After a Fashion
Birthdays of art and birthdays of heart
By Stephen MacMillan Moser, Fri., Aug. 19, 2011
BIRTHDAY GIRLS Last Thursday was my dear friend Stephen Rice's birthday. His near and dear from all walks of life gathered in his honor for a special celebratory happy hour at Rain. The ever-ebullient Bobby Cook manned the bar as Stephen's friends, including Chase Martin, Mary Morrison, and Scott Ballew, communed, gossiped, and shared birthday cake. Stephen's hubby, Mark Erwin, was there, fresh from back surgery, but he hosted the affair like a champ. I sat out on the back patio with friends so we could smoke cigarettes. Rain has done a great job on the outdoor area, but between the fans and the misters, it felt like we were trying to cop a smoke on the San Juan Ferry in Seattle. It's better than this insane heat at any rate. We celebrated Stephen's birthday on Friday, but that day was also my friend Jaclyn Havlak's – aka Jacki-OH – actual birthday, so she joined me at Rain with Stephen. Then we retired to Jacki's house for an art party. I had stayed over a day earlier sewing a shirt (I've decided that I must have a new shirt of my own design for every night of Fashion Week) and continued to work on it as Jacki's friends arrived with canvases, paints, sketch pads, sculptures, and even cow bones to make art. I wasn't so hot on the idea when I heard about it, but I was already set up and working there, so I decided to just go with the flow. Soon there were little workstations set up all over Jacki's house, and people were creating, chatting, inspiring one another, and being inspired in return. It was all so bohemian that I felt like I should have been wearing a peasant skirt and braids, or maybe a beret and a cigarette holder. It was that cool. Really. Even though I was twice the age of anyone else there, it was one of the most interesting parties I'd attended in my life. We were so wound up in what we were doing that we forgot to serve the cake (it made a lovely brunch the next day). But it's true: I'm madly making shirts for myself to show off. I wrestled with one design that I thought would be faaabulous, but I wasn't so wild about it at all when I was done. Then I was asked to present an award at the Austin Fashion Awards. Immediately, of course, I became obsessed with what I'll wear to that. Stay tuned.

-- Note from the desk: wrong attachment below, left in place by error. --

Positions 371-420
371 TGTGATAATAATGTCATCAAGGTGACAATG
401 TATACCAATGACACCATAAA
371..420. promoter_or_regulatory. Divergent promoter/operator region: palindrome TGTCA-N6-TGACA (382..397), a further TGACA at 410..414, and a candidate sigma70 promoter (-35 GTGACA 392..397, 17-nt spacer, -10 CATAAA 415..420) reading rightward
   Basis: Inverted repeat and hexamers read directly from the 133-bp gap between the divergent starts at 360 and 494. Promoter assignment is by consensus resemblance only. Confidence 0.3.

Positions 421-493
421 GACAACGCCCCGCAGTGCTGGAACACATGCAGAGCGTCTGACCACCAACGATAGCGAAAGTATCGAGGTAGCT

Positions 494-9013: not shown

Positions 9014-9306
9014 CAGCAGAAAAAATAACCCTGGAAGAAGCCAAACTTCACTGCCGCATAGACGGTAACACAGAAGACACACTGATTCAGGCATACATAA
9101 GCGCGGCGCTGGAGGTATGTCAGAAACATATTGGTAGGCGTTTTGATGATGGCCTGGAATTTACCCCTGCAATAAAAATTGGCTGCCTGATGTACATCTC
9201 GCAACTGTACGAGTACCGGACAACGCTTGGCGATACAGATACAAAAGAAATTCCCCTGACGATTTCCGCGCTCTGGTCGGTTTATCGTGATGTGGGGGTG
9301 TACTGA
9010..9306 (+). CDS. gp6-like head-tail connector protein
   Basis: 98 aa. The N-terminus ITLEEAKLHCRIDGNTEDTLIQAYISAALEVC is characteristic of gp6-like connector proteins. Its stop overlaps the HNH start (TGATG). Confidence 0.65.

BIG TIME STAR I mentioned last week that the fabulous Kendra Scott (www.kendrascott.com) will be the guest speaker at Hospice Austin's Beauty of Life, but then got a press release with even more exciting news. Besides her glam flagship store at 1400 S. Congress, Scott announced the opening of her ultraswanky L.A. store at Rodeo Drive and Santa Monica Boulevard. With the new location, Scott will be better positioned to serve her established fans like Nicky and Paris Hilton, Hilary Duff, Rachael Ray, and Queen Latifah, among others. We look forward to Kendra's participation in the upcoming Austin Fashion Week. You can vote for Kendra or any of your favorite local fashion stars for Austin Fashion Week's People's Choice and Industry Choice awards online at www.austinfashionweek.com.
JUST DO IT I live with my mom and sister in a great semirural neighborhood near Manchaca. It turns out that our trusty next-door neighbors, pillars of our neighborhood and great neighbors, lost a 5-year-old grandchild to leukemia in 2004. Libbie lived four years longer than her doctors initially thought she might, and her mother, Becky Nichols, owner of the Bountiful Bakery and Cafe in West Lake Hills and Bee Cave, decided to give back to the hospitals by donating home-cooked food. The operation (www.macaronirun.org) has been so successful and widespread that Nichols is organizing a party in honor of her daughter (who would have turned 13 this month) to raise money to make more food to donate to children with cancer. This first Libbie's Birthday Bash takes place Saturday, Aug. 27, 9am-1pm at the Austin Music Hall. The Biscuit Brothers will perform, and there will be ice cream from Amy's Ice Creams, cake and other food from Bountiful Bakery and Cafe, an indoor Velcro wall, obstacle courses, an enchanted fairy forest, superhero tents, and other kids' activities. Tickets cost $25 for adults and $15 for kids. The money raised will help fund Nichols' efforts through the Loving Libbie Memorial Foundation, which provides mac and cheese, chicken and dumplings, and other comfort foods to children and families at area children's treatment centers, as well as turkey dinners around the holidays, birthday cakes, and other support.